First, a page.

Auction value: $30,000+
Where to begin? One of the world's most legendary 4x4s has always been beloved by wheelers, and if you've looked for one recently in your local classifieds, you know that bargains on good running specimens can be extremely hard to find. The FJ was originally sold in three different wheelbase sizes, with soft or hard tops, with the short-wheelbase FJ-40 being the most popular. Most enthusiasts lean towards '75-and-later Cruisers, which came with the more powerful 4.2L 2F six-cylinder engine-which replaced the previous-generation 3.9L Six-as well as the H42 four-speed manual transmission. Also among later models, those signature rear swing-out "barn doors" debuted in 1975, front disc brakes were added in 1976, and power steering was available in 1979. Wheelers have long valued these rigs for their relative amenity to engine swaps-with Buick and Chevy V-6s and small-block V-8s the most common-as the Toyota drivetrain and axles generally hold up well to the extra power without need for many modifications. Two rare variants, the FJ-45 pickup (1963-67) and FJ-45V four-door wagon (1960-67) are quite scarce and valued by collectors, though any 40-series model in good-running, rust-free condition will fetch far more than it did when it rolled off the assembly line. Extensively modified FJ-40s have fetched in excess of $50,000 at auction.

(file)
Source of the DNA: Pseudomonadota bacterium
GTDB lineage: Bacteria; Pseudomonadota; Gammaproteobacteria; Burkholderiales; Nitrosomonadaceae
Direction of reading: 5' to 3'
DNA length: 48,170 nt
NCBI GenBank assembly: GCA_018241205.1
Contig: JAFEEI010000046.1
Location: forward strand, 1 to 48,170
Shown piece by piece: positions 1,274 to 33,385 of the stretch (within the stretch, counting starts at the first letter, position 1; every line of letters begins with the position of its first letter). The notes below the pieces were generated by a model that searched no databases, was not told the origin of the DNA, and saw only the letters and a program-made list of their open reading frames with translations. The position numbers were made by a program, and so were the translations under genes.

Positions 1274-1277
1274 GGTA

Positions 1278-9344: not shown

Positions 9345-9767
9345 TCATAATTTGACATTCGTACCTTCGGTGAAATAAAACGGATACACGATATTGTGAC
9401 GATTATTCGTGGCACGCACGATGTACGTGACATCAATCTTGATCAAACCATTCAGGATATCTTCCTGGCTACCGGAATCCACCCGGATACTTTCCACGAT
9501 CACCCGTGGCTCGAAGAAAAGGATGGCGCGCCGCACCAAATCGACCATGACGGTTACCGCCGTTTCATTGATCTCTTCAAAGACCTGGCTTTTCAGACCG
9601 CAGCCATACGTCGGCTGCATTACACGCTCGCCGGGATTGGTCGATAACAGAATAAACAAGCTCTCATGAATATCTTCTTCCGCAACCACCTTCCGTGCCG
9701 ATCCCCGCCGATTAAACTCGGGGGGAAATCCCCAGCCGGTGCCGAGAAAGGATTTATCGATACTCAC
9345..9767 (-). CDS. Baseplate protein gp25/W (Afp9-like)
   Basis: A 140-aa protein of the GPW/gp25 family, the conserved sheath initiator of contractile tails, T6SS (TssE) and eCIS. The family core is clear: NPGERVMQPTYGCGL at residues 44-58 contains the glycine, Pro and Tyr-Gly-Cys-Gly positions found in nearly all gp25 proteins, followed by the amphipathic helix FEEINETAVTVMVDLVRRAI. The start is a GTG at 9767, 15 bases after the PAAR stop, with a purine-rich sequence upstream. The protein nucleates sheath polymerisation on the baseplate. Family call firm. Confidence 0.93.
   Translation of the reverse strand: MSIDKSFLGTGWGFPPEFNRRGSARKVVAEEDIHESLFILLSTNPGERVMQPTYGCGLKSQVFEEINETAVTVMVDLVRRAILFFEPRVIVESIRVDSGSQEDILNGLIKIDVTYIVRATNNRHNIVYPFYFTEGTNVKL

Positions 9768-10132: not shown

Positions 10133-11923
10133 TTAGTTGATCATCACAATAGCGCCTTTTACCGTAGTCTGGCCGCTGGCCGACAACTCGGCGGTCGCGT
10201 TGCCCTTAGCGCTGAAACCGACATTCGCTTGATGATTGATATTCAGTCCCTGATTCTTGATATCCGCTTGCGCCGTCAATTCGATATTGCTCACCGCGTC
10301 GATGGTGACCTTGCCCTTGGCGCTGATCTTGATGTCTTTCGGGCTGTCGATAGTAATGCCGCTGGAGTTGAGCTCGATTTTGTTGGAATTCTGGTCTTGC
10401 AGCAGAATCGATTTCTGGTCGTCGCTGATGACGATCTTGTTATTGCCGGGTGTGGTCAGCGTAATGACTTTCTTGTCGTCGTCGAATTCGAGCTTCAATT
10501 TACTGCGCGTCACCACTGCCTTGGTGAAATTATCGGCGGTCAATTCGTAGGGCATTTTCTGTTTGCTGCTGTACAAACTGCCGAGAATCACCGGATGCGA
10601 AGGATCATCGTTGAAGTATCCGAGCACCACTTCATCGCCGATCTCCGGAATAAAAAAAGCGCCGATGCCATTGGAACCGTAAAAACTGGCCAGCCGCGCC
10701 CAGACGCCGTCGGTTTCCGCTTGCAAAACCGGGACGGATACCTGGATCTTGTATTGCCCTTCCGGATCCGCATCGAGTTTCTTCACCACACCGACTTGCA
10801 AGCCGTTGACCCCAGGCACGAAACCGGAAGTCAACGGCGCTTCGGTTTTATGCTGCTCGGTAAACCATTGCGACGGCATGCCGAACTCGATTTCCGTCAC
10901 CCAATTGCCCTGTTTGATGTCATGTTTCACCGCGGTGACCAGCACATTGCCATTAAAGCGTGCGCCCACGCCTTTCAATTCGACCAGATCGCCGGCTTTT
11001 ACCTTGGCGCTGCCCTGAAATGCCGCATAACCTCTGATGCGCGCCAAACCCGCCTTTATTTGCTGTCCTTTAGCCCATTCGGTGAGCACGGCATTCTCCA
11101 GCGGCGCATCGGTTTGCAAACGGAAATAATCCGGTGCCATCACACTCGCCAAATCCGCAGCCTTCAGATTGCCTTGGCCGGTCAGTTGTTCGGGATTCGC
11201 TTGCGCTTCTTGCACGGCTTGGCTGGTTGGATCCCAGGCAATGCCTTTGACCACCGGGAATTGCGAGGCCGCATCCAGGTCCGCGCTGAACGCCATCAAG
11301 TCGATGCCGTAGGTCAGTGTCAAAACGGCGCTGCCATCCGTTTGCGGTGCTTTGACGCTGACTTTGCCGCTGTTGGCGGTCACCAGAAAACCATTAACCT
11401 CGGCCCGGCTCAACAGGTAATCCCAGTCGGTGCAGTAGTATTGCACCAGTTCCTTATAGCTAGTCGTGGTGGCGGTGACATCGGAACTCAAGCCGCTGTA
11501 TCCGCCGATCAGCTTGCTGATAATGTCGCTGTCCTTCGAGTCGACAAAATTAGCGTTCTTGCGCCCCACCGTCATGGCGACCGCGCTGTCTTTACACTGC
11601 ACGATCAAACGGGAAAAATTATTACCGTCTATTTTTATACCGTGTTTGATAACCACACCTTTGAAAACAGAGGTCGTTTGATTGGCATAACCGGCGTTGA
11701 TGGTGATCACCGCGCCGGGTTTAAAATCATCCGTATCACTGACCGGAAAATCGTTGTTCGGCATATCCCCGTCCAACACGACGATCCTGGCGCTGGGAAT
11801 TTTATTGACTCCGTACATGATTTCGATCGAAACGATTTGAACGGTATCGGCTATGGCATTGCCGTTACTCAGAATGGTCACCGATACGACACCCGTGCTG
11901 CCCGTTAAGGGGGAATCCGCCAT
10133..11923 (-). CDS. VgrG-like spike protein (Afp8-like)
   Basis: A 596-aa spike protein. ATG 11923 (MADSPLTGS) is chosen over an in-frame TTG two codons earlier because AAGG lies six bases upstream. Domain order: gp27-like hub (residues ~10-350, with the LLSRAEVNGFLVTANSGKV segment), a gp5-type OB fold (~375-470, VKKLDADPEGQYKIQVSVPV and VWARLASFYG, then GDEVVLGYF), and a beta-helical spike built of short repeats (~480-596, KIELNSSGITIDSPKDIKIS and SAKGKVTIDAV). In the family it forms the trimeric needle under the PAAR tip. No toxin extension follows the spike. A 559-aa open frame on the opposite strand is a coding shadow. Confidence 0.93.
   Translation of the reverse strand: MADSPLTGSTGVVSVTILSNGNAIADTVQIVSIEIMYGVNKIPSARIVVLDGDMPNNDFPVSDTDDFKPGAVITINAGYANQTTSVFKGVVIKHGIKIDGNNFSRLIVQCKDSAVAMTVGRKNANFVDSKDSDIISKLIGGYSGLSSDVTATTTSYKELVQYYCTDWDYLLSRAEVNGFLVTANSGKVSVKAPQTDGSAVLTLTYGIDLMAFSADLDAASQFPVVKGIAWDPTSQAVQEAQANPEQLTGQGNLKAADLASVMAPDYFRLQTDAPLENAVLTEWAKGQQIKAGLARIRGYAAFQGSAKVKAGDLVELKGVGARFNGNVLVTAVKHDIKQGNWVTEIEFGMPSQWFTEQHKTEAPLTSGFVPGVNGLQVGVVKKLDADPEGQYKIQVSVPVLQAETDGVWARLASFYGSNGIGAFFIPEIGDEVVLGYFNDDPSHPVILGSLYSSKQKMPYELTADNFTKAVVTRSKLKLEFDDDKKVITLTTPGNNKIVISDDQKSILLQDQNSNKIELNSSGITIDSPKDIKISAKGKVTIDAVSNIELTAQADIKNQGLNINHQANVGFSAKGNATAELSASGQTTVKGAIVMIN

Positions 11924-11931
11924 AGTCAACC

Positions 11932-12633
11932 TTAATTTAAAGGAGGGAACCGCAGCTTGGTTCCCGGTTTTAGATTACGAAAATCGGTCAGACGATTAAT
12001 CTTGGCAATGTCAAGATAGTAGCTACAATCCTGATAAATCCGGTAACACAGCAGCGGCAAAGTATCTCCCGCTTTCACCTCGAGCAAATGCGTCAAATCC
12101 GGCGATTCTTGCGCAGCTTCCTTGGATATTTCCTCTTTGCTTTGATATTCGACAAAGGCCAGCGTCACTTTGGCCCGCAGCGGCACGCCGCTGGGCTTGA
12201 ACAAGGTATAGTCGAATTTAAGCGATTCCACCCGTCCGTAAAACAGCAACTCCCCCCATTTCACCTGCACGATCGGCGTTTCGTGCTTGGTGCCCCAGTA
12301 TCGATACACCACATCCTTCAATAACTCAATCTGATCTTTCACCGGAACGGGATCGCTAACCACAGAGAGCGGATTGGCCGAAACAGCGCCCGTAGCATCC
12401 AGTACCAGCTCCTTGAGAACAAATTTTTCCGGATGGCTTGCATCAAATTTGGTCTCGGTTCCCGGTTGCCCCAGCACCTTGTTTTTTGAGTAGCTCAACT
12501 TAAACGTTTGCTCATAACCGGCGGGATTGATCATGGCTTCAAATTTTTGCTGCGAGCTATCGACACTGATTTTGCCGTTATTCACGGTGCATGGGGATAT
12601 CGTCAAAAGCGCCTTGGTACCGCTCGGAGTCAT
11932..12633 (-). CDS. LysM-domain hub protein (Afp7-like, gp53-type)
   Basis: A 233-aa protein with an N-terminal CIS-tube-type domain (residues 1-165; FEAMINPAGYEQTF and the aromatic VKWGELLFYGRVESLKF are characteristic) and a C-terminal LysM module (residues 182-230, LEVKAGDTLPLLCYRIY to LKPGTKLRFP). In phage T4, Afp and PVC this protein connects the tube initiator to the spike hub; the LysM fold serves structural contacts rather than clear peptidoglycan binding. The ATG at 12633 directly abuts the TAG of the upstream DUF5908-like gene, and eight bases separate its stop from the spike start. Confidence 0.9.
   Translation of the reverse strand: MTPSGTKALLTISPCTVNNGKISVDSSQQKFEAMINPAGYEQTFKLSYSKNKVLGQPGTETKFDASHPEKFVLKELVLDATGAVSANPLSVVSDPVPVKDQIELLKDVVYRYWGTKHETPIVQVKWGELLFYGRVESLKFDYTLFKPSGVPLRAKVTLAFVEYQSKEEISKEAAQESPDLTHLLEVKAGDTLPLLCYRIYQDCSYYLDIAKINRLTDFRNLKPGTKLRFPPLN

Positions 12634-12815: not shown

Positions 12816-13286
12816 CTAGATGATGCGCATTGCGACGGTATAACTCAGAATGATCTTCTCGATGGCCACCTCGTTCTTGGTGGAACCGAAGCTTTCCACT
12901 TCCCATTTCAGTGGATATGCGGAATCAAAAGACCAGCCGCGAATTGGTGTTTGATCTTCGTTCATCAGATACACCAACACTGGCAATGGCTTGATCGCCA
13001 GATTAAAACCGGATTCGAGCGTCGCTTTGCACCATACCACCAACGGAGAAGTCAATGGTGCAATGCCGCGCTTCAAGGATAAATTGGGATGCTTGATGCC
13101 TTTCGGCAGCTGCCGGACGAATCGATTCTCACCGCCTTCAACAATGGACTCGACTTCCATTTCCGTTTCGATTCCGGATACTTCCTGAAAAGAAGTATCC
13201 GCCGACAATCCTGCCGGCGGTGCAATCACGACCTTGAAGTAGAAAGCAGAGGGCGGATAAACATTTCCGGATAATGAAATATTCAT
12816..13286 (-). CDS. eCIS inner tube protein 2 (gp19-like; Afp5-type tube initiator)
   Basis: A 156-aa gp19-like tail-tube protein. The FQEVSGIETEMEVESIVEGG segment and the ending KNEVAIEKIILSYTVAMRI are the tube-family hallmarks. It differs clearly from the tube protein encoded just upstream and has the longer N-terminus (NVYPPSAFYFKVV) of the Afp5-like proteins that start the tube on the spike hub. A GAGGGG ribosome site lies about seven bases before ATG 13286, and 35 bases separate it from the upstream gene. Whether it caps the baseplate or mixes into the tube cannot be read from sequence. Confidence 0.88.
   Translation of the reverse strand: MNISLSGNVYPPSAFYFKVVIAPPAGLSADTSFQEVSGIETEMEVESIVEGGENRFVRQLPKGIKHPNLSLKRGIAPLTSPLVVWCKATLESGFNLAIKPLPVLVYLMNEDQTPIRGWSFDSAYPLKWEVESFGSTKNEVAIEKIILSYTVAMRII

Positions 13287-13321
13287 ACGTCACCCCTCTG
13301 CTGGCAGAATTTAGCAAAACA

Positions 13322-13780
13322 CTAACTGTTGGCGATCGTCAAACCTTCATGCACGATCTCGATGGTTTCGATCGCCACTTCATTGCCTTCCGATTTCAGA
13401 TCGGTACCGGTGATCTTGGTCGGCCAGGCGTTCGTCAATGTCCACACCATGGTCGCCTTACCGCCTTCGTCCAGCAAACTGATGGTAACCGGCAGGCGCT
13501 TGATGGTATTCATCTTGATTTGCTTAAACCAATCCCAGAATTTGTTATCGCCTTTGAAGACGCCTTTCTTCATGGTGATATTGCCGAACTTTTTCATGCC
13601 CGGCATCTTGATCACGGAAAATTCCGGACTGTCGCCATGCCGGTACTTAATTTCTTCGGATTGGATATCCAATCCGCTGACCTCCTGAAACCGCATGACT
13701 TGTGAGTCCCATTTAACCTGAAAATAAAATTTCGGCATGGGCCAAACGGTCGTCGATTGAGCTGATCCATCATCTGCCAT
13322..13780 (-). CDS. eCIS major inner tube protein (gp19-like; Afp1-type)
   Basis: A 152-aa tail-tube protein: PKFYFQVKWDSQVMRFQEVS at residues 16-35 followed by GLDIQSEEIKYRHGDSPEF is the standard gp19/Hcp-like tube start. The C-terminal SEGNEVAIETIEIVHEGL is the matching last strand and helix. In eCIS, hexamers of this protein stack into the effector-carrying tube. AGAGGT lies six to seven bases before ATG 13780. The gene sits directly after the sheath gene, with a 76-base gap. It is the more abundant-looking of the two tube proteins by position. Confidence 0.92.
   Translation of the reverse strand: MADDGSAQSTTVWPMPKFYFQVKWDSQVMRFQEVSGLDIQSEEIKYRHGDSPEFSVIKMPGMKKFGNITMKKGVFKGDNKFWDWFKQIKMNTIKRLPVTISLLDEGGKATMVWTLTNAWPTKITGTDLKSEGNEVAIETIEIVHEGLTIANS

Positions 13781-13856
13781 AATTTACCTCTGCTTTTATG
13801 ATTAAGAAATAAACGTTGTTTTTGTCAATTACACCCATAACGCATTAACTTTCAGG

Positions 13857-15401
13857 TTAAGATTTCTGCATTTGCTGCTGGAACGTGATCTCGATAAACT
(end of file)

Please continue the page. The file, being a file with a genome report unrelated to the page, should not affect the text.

1967-73 Jeepster C-101 Commando
MSRP (1967): $2,466
Current value: $6,000
Auction value: $15,000
A limited production run and all-around cool retro design aesthetic based off the '48-50 Jeepster VJ both contribute to the Commando's popularity with collectors. Only 57,000 were ever built, and it was intially offered in convertible, wagon, roadster and pickup styles. (Convertibles were discontinued after '71, and examples still sporting their factory soft tops are getting harder to find.) Dana 44 rear axles, Dana 20 transfer cases, and 4.27:1 axle gears were standard in all Commandos, though different axle ratios ranging from 3.73:1 to 5:38:1 were available in various models, and '72-and-later versions were prized for the Dana 30 frontend, which replaced the less stout 27-A; a 304 V-8 option was also available for those model years as well. A variety of manual Warner T-series manual transmissions were used over the years, though the TH400 automatic-available as an option on the six-cylinder and V-8 models-are more highly sought after. A limited edition of 500 "Hurst Special" Commandos were offered in '71; these sported unique trim and graphics packages, and are quite rare now. As with most antiques, provenance can count for a lot of dough-a Commando belonging to country star Alan Jackson sold for $88,000 at auction two years ago. And if you score an original Willys Jeepster, its current and auction values will likely be three to four times the value of the Commando's, even though it's only a two-wheel drive.

1945-49 Willys CJ-2A
MSRP (1945): $1,090
Current value (est): $9,000
Auction value: Up to $35,000